Carboplatin and oxaliplatin are commonly used platinum anticancer agents that are sold as ready-to-use aqueous infusion solutions with shelf lives of 2 and 3 years, respectively. The observed rate constants for the hydrolysis of these drugs, however, are too large to account for their long shelf lives. We here use electrospray-trap mass spectrometry to show that carboplatin and oxaliplatin are self-associated at concentrations in their ready-to-use infusion solutions (∼27 mM and 13 mM, respectively) and, as expected, when the drug concentration is reduced to more physiologically relevant concentrations (100 μM and 5 μM, respectively) the association equilibrium is shifted in favor of the monomeric forms of these drugs. Using 1H NMR we measure the intensity of the NH resonance of the two symmetry-equivalent NH3 molecules of carboplatin, relative to the intensity of the γ-methylene CH resonance, as a function of total drug concentration. Then, by fitting the data to models of different molecularity, we show that the association complex is a dimer with a monomer-dimer association constant of K (M-1) = 391 ± 127. The work presented here shows that carboplatin and oxaliplatin mainly exist as association complexes in concentrated aqueous solution, a property that accounts for the long term stability of their ready-to-use infusion solutions, and that these association complexes may exist, to some extent, in the blood after injection.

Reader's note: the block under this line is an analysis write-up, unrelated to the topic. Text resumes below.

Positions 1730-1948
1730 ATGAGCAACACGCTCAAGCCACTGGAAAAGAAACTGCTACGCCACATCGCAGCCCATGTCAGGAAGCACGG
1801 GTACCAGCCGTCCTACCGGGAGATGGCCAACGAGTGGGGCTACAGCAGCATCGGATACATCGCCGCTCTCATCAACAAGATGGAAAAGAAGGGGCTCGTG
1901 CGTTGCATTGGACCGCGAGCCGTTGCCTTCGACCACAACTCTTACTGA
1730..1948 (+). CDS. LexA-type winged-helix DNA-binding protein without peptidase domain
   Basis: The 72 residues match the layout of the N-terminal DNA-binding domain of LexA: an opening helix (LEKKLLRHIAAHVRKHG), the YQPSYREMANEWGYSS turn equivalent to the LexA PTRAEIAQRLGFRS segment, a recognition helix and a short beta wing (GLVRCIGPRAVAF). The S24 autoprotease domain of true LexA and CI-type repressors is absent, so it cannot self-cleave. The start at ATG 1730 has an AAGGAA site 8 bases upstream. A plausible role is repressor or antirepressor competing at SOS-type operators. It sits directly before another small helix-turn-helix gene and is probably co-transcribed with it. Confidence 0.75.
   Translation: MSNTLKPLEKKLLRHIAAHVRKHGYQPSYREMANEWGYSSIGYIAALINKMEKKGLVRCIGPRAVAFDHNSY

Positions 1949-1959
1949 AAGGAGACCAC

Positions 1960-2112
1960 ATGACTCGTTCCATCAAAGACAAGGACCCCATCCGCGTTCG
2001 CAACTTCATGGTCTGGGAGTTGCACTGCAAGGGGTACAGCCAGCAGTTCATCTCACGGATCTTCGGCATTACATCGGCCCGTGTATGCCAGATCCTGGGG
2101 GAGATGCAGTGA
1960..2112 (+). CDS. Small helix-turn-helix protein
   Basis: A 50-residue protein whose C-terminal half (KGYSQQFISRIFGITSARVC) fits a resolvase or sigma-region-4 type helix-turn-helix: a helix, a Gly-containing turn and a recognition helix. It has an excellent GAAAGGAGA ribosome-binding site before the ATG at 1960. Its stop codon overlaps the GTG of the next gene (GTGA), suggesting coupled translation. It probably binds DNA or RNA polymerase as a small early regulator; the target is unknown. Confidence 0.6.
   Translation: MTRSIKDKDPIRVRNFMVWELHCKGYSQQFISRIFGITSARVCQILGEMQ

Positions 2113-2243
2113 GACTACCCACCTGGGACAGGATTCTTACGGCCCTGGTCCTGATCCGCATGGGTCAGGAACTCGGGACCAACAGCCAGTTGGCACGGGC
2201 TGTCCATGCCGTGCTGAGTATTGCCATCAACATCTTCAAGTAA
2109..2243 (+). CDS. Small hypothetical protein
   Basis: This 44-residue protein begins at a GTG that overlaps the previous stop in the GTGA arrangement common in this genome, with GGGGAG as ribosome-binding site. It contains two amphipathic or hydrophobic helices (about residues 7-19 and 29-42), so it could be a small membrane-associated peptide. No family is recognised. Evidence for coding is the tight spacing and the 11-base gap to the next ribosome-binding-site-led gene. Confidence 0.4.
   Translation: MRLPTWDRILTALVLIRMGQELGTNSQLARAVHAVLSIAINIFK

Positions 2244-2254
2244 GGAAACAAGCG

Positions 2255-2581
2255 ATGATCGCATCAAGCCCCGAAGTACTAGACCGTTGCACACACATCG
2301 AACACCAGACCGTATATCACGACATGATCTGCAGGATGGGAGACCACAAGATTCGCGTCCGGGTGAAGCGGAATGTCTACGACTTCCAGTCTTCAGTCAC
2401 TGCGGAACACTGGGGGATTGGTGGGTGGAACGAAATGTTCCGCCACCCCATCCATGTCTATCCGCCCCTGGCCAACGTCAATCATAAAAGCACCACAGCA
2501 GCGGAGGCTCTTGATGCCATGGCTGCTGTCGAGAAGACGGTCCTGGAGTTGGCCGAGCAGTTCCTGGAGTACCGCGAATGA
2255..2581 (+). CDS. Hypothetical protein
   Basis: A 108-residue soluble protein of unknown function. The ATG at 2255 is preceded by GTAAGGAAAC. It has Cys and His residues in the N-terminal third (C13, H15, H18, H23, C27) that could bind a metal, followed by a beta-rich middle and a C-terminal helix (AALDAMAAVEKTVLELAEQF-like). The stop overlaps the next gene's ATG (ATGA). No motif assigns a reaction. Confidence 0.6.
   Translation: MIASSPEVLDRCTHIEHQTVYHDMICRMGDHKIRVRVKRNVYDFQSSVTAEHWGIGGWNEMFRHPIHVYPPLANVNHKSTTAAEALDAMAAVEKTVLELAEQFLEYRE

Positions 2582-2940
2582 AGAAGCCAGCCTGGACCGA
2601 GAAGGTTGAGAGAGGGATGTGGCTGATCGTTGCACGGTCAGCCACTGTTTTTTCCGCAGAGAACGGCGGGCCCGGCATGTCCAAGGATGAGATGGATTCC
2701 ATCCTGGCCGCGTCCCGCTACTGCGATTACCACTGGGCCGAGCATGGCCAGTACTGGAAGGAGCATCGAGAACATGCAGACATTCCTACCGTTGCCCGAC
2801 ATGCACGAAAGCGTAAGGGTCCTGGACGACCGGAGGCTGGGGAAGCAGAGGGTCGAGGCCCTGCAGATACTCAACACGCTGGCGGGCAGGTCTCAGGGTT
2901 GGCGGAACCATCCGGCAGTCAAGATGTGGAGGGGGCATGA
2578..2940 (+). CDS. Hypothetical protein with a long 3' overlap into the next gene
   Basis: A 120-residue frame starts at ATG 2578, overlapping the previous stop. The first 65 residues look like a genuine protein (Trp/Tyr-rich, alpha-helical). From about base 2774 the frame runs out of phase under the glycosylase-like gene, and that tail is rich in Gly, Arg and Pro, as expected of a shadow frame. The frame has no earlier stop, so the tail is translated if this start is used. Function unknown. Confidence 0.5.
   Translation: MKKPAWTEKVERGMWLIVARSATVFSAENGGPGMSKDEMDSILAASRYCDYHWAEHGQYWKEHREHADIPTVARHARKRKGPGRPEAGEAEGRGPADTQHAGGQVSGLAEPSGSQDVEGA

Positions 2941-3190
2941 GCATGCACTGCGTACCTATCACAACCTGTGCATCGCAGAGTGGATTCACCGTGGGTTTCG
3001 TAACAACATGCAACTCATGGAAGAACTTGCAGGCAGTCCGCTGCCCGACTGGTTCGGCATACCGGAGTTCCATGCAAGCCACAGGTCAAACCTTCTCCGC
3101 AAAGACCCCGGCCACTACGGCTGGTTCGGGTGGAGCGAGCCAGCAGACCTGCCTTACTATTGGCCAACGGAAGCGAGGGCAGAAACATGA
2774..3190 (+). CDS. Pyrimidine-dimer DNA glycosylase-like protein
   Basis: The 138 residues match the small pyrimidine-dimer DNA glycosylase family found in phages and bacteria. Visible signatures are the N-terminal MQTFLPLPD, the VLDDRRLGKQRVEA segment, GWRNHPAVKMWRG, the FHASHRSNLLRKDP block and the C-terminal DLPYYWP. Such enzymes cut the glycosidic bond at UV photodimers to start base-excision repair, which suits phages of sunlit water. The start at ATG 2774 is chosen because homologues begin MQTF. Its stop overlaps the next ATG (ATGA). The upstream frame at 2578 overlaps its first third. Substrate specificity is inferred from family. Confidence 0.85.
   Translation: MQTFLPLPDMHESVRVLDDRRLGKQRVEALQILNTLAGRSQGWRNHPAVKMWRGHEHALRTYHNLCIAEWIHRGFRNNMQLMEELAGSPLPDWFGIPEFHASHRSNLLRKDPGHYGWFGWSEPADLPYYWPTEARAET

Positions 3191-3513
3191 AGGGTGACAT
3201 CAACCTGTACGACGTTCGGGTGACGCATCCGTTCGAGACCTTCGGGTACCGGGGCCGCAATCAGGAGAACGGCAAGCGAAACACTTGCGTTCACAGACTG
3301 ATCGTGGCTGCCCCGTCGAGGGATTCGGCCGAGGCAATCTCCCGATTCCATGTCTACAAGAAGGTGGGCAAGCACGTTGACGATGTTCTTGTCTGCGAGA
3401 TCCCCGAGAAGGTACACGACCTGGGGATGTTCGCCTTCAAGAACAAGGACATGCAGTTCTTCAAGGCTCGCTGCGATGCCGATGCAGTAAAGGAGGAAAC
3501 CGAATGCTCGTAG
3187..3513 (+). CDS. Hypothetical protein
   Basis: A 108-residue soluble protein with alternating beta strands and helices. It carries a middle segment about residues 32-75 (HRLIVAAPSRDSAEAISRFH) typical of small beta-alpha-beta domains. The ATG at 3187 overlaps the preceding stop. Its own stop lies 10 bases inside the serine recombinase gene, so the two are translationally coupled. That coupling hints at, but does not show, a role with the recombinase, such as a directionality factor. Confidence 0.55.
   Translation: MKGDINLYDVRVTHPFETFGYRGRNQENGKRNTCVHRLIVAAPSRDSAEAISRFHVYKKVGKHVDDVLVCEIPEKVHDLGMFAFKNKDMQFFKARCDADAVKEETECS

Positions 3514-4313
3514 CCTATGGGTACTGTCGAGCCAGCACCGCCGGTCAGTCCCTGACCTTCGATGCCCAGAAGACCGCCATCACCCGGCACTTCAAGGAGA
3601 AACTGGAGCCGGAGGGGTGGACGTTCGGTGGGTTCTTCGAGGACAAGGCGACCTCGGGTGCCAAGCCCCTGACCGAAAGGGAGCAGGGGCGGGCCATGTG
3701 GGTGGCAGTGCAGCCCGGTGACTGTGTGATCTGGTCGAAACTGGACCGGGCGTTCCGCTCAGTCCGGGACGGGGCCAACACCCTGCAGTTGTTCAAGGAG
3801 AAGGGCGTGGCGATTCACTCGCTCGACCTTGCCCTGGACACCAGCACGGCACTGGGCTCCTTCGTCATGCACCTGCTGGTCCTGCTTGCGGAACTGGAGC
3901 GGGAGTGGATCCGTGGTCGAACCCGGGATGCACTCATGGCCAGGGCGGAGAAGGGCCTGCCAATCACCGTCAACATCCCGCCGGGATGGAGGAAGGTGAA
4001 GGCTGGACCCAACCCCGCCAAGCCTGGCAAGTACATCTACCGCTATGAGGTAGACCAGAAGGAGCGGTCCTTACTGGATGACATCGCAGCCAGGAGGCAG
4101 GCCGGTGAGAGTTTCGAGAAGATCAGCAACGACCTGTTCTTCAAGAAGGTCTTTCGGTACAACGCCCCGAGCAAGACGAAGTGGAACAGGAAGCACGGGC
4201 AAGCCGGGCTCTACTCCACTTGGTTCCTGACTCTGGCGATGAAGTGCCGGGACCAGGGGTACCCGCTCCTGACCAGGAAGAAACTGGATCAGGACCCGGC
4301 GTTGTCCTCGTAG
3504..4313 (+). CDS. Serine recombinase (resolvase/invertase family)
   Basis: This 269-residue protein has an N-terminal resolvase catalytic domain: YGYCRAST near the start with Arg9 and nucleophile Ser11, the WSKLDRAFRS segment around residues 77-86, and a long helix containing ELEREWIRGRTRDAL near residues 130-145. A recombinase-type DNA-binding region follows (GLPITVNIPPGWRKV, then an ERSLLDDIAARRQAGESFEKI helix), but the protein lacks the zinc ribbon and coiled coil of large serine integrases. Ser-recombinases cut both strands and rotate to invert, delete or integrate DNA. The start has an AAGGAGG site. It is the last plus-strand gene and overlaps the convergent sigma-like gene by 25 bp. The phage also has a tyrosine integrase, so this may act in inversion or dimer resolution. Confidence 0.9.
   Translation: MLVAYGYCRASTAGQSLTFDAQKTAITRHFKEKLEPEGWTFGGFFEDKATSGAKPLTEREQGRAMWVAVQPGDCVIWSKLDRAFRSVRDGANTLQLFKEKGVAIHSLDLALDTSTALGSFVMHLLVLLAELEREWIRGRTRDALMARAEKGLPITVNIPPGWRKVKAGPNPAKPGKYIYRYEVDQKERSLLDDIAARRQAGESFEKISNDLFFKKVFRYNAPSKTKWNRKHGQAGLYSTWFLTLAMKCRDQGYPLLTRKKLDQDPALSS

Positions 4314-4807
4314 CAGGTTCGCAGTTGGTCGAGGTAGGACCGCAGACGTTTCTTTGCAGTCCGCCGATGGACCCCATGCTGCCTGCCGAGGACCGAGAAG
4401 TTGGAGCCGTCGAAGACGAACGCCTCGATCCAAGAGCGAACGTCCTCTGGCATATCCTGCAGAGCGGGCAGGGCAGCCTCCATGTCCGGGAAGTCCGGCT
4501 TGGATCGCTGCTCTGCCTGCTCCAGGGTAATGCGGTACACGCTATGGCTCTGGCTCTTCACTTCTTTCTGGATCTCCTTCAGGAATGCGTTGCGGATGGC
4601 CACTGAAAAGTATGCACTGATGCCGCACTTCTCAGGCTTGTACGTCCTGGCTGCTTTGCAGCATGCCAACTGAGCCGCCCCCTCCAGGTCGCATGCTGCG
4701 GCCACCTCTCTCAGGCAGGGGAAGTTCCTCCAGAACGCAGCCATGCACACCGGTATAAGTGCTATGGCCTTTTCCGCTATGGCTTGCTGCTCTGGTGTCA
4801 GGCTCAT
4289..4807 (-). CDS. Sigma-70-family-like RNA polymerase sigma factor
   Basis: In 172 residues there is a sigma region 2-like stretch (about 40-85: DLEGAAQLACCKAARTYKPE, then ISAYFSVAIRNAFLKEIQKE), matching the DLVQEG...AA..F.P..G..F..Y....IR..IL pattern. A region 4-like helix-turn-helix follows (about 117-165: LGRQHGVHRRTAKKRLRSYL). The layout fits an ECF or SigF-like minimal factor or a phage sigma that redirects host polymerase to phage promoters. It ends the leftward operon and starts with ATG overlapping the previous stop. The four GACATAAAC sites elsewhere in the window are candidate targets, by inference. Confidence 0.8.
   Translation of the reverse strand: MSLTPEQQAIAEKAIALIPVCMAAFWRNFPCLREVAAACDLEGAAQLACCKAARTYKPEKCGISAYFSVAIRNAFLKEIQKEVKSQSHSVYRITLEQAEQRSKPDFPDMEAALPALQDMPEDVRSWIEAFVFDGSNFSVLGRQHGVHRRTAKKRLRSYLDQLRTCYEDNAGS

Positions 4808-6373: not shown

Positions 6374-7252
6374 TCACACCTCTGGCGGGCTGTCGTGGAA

ASJC Scopus subject areas
- Inorganic Chemistry